NEW YORK -- R.A. Dickey admits he checks box scores, even if he does not place much stock in them. He maintains a general sense of how his competitors for the National League Cy Young Award are faring, even if he knows that "I just need to take care of me."
It would help, of course, if the Mets would take care of their knuckleballer as well. Recently they have not, in a trend that Monday's game punctuated. Dickey was strong yet again at Citi Field, holding the Phillies to three runs in seven innings while striking out eight. But the Mets could not back him against left-hander Cliff Lee, dropping a 3-1 game to the Phillies.
"It's unfulfilling," Dickey said. "I'm not leaving the park satisfied, that's for sure."
Trouble surfaced early for Dickey, who put a runner on base when catcher Mike Nickeas dropped his game-opening strikeout pitch to Jimmy Rollins. Dickey's own throwing error moved Rollins to second base, allowing him to score on Chase Utley's sacrifice fly to shallow center field after a groundout.
Dickey gave the Phillies two more runs on solo homers from Rollins in the fifth inning and Domonic Brown in the seventh, both on balls that barely cleared the right-field wall. Rollins' homer was so close to the fence that umpires initially ruled it a triple, before consulting video replay and overturning the call.
"I felt pretty good against him," Brown said. "That's all it was -- seeing it and hitting it."
Those homers left the Mets in a bind against Lee, who began grooving as soon as he wriggled out of a two-on, one-out jam in the first. The left-hander struck out Lucas Duda to end that threat, beginning a run of six strikeouts in an eight-batter span.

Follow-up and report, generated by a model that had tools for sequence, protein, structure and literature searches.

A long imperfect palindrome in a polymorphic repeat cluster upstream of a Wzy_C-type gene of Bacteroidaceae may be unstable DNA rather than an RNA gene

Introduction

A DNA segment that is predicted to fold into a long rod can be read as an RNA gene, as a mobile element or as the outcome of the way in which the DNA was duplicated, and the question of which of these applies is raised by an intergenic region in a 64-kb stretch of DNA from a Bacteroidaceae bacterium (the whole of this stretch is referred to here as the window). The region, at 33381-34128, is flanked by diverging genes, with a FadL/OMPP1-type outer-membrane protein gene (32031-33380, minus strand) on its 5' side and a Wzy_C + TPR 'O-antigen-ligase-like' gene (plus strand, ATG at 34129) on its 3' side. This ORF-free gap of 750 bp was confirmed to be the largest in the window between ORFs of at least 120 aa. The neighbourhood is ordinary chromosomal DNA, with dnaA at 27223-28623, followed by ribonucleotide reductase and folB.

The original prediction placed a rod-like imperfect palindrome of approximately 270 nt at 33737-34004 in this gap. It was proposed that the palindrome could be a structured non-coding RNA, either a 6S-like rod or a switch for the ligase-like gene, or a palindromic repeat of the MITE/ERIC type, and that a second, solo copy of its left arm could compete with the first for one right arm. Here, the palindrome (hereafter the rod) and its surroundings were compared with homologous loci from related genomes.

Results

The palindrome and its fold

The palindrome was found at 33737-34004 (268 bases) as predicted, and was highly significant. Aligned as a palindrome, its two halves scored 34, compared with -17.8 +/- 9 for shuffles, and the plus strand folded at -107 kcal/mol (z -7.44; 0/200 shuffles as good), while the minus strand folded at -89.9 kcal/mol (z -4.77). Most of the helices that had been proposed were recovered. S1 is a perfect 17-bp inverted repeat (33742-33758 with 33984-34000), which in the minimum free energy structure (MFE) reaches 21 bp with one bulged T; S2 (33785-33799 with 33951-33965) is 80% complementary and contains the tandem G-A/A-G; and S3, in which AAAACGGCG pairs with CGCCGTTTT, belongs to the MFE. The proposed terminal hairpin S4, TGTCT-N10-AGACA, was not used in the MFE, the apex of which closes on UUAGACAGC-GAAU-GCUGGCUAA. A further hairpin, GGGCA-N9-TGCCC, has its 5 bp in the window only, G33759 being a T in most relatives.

Lee completed eight innings, giving up nothing more than Daniel Murphy's bloop RBI single in the fifth.
That forced Dickey to take a hard-luck loss, significantly reducing his chances for a 20-win season with only three starts remaining. But the knuckleballer's effort did slightly boost his NL Cy Young Award credentials, lowering his ERA by one one-hundredth of a point and his WHIP by one one-thousandth of a point, while moving him within one strikeout of the NL lead. Along the way, Dickey became the 10th Mets pitcher to strike out 200 batters in a season.
"You feel for him because all he's done is give himself a chance to win a baseball game," manager Terry Collins said. "We'll go back at the end of the year and recount the number of games where he didn't get a decision, or he allowed us to have an opportunity to win, and hopefully it doesn't get back to bite him too bad."
How it would bite him would be in Cy Young voting, where on paper at least, Dickey may be one of two competitors left standing.
Dodgers ace Clayton Kershaw might have mounted the strongest offensive against Dickey's campaign, considering the left-hander's reigning Cy status, his league-leading strikeout total and his nine consecutive quality starts heading into this week. Kershaw was coming on strong. But a hip injury has put the rest of his season in jeopardy, potentially removing him from the Cy Young picture.
The next-closest competitor -- and quite possibly the favorite heading into September -- used to be Cincinnati's Johnny Cueto. But Cueto has gone 0-3 with an 8.22 ERA over his last three starts, which, combined with his relatively low strikeout total, has effectively removed him from the race.
Atlanta's lights-out closer, Craig Kimbrel, could make a run at the award, but his status as a relief pitcher will dampen his standing on many voters' ballots. Though Kimbrel could easily finish in second or third place overall, only one reliever has won a Cy Young in the past 19 years. History is not on his side.
That leaves only Washington's Gio Gonzalez, who beat the Mets last week but lost his next start against the Braves, and has now walked nine batters over his last two outings. Gonzalez leads the NL in wins but trails Dickey in nearly every other meaningful statistical category. It is also feasible that Gonzalez could lose a start down the stretch as the Nationals line him up for Game 1 of the Division Series.
With three starts to go, Dickey is aware of that general Cy conversation, if not all its particulars.
"That does not change the way I go about my business," Dickey said. "It doesn't do me any good to wish bad for them or good for them or whatever else. I just need to take care of me, and that's what I've tried to do consistently."